The relevant EXPLAIN phrase text in the reports for the examples that follow is highlighted in boldface type.

The following SELECT request uses an single-partition scan to access the rows:

     EXPLAIN
     SELECT *
     FROM t11
     WHERE BEGIN(b)=DATE '2005-02-03';

Explanation
-----------------------------------------------------------------------
1) First, we lock a distinct df2."pseudo table" for read on a
   RowHash to prevent global deadlock for df2.t11.
2) Next, we lock df2.t11 for read.
3) We do an all-AMPs RETRIEVE step  from a single partition  of
   df2.t11 with a condition of  ("df2.t11.b = PERIOD 
   (DATE '2005-02-03',  DATE '2005-02-03'")
   with a residual condition of ("(BEGIN(df2.t11.b ))
   = DATE '2005-02-03'") into Spool 1 (group_amps), which is built 
   locally on the AMPs. The size of Spool 1 is estimated with no 
   confidenceto be 1 row (56 bytes). The estimated time for this step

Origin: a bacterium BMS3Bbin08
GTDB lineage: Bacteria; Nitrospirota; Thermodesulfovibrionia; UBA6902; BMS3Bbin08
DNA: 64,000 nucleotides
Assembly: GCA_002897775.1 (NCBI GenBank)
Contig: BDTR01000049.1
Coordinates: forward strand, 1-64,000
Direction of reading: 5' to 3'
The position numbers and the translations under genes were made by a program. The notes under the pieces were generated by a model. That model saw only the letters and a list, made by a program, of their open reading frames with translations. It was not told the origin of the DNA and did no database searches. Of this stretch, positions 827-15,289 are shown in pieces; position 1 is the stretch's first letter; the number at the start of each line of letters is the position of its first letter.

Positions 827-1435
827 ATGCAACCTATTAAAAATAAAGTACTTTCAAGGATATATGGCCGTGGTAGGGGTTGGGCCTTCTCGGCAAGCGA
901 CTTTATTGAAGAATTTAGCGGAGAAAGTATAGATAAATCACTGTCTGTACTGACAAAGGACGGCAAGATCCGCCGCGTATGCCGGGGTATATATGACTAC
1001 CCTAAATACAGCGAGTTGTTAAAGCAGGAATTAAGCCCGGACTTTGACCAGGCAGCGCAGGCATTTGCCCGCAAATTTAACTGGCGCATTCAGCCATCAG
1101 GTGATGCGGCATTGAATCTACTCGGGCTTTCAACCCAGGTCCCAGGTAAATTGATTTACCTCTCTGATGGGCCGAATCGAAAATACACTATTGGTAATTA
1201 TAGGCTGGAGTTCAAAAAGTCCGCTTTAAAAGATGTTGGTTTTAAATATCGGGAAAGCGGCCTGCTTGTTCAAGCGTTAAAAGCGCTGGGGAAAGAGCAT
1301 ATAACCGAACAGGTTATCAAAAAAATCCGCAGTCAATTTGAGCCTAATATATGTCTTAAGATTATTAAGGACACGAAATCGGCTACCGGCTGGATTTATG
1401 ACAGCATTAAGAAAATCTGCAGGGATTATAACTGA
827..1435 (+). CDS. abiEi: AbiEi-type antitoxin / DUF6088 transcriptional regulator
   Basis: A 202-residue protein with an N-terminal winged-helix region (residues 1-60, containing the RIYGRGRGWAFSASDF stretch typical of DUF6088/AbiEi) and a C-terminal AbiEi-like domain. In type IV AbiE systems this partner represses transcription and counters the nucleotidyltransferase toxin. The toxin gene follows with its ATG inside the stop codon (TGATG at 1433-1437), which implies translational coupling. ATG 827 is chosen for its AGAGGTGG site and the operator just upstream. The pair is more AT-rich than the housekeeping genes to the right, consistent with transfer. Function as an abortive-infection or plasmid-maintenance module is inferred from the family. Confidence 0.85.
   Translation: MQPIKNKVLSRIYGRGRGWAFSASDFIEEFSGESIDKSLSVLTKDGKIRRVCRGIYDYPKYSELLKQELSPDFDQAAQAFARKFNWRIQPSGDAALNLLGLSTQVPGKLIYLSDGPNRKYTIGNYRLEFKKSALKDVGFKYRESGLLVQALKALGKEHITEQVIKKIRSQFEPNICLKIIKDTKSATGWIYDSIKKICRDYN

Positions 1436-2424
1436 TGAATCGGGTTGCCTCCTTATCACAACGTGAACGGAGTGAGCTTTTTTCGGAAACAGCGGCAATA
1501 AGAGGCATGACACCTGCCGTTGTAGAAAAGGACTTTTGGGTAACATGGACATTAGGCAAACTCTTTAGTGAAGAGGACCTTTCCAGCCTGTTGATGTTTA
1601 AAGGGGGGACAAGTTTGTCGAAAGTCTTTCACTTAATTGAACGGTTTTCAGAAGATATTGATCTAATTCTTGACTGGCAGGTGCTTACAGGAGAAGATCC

is 0.03seconds.
4) Finally, we send out an END TRANSACTION step to all AMPs involved
   in processing the request.
-> The contents of Spool 1 are sent back to the user as the result of
   statement 1. The total estimated time is 0.03 seconds.

The following SELECT request uses an all-rows, all-partitions scan to access the rows because the predicate and partitioning expression are defined on different bounds:

     EXPLAIN
     SELECT *
     FROM t11
     WHERE END(b)=DATE '2005-02-03';

Explanation
-----------------------------------------------------------------------
1) First, we lock a distinct df2."pseudo table" for read on a
   RowHash to prevent global deadlock for df2.t11.
2) Next, we lock df2.t11 for read.
3) We do an all-AMPs RETRIEVE step from df2.t11  by way of an 
    all-rows scan  with a condition of  ("(END(df2.t11.b ))= DATE 
    '2005-02-03'")  into Spool 1 (group_amps), which is built 
   locally on the AMPs. The size of Spool 1 is estimated with no 
   confidence to be 1 row (56 bytes). The estimated time for this step 
   is 0.03 seconds.
4) Finally, we send out an END TRANSACTION step to all AMPs involved
   in processing the request.